The HuntingPA.com Outdoor Community banner

1 - 20 of 39 Posts

·
Registered
Joined
·
410 Posts
Discussion Starter #1
I took these 2 pictures this weekend to show why I’m such a fan of ending my planting season with the addition of rye into all my plots. It’s cheap, easy to grow, stays green all winter, the first thing to start growing in the spring, a great soil builder and weed suppressor. The deer in my area are nutritionally stressed by early spring and hit the plots hard as soon as the snow comes off them. It’s the only thing green in March and early April and I believe it’s a big help until the other plants wake up. Once they stop feeding on it you can plow it into the soil, mow it until you want to plant something else in its place or let it grow tall then spray it with gly and drill through it.
 

Attachments

·
Registered
Joined
·
12,260 Posts
Yes winter wheat or rye are great. Another great thing is they grow in just about ever soil type and condition too. It is about the easiest thing to grow.
 

·
Registered
Joined
·
4,211 Posts
I took these 2 pictures this weekend to show why I’m such a fan of ending my planting season with the addition of rye into all my plots. It’s cheap, easy to grow, stays green all winter, the first thing to start growing in the spring, a great soil builder and weed suppressor. The deer in my area are nutritionally stressed by early spring and hit the plots hard as soon as the snow comes off them. It’s the only thing green in March and early April and I believe it’s a big help until the other plants wake up. Once they stop feeding on it you can plow it into the soil, mow it until you want to plant something else in its place or let it grow tall then spray it with gly and drill through it.
Amen to that! Plots look great.
 

·
Registered
Joined
·
410 Posts
Discussion Starter #8
No particular reason Grizz, I've used wheat in the past and it also worked well. Maybe i'll try a side by side comparison this fall for something to do. I like around Labor day and watch the weather. If i'm putting it in with a nice plot of brassica I broadcast about 150lbs. per ac. If I drill, about 80lbs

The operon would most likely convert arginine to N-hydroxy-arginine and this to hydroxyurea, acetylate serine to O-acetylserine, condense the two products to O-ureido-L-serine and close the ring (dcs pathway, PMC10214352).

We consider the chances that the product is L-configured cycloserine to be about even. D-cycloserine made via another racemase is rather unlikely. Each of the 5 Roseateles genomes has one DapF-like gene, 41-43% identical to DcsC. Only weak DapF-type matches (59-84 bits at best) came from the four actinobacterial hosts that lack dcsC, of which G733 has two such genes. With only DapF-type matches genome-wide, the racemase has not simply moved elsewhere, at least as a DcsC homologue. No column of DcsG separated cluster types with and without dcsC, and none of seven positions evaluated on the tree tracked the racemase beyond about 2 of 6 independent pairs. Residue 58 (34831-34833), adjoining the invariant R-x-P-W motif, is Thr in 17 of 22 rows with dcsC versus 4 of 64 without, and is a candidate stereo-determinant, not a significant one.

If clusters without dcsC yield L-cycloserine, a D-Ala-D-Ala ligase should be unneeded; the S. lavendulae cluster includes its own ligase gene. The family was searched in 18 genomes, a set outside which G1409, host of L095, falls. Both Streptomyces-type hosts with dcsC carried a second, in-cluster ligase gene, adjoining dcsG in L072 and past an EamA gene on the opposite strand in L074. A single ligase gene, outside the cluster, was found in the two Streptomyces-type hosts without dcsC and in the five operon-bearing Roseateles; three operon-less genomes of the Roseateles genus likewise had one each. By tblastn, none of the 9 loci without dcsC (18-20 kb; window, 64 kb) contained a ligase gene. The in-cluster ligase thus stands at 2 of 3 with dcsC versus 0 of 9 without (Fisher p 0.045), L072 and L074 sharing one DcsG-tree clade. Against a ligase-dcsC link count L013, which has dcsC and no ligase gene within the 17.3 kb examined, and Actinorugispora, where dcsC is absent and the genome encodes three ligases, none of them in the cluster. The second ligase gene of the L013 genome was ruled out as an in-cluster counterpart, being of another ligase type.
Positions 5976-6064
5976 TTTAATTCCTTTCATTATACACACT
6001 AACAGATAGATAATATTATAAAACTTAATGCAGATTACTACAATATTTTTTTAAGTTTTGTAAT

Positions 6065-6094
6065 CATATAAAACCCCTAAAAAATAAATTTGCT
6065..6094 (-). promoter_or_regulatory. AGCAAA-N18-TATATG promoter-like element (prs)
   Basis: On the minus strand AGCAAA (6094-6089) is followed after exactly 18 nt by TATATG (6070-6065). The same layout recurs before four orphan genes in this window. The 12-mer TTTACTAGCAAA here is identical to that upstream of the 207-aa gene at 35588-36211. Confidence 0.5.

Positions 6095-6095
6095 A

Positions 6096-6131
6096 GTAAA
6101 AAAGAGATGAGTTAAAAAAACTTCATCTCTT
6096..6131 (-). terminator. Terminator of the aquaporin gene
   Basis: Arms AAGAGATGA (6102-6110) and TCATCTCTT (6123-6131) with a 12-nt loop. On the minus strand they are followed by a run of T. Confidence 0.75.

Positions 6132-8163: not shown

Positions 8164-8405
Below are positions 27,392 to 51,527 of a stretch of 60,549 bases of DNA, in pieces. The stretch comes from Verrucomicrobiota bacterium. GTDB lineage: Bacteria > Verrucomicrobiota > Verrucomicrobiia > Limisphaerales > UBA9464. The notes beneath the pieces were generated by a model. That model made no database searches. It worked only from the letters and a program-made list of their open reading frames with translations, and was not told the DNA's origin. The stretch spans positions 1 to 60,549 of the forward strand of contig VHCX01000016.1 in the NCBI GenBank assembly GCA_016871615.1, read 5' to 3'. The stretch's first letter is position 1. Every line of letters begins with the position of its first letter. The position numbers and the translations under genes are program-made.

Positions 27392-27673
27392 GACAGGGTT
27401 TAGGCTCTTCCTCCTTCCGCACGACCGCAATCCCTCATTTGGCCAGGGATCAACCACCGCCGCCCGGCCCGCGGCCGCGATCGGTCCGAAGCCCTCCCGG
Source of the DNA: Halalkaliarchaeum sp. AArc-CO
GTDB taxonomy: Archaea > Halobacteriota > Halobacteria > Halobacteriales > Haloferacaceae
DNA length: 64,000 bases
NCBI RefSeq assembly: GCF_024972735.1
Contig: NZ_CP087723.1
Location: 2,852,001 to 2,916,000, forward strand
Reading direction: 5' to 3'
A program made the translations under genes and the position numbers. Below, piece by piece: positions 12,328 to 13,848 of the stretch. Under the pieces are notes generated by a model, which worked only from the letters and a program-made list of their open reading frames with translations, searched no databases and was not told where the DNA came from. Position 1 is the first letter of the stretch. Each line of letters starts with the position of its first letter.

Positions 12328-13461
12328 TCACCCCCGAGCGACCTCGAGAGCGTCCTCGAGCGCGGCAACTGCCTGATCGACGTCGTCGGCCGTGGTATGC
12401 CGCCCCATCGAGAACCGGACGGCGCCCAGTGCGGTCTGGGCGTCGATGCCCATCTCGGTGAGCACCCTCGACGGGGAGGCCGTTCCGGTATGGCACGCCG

·
Registered
Joined
·
12,260 Posts
No particular reason Grizz, I've used wheat in the past and it also worked well. Maybe i'll try a side by side comparison this fall for something to do. I like around Labor day and watch the weather. If i'm putting it in with a nice plot of brassica I broadcast about 150lbs. per ac. If I drill, about 80lbs
I have planted winter wheat and rye side by side and never could really tell any difference in preference by the deer. Both seem to give the same performance.

As far as planting dates I usually go from Labor Day till mid September. You can actually plant later but I like it coming up pretty good by the time bow season comes around.
 

·
Registered
Joined
·
4,211 Posts
Rye would get the edge over winter wheat in my book. It scavenges nutrients better....adds more biomass to the plot with its root system. However, from a logistics standpoint, rye can create more of an issue the following summer as it gets fairly tall - great for fawning cover, but can be tough to mow for guys with limited equipment. Also, I think rye continues to grow at a lower temperature than WW - which is why folks like it for early spring forage for a deer herd seeking quality forage at its most desperate time of year.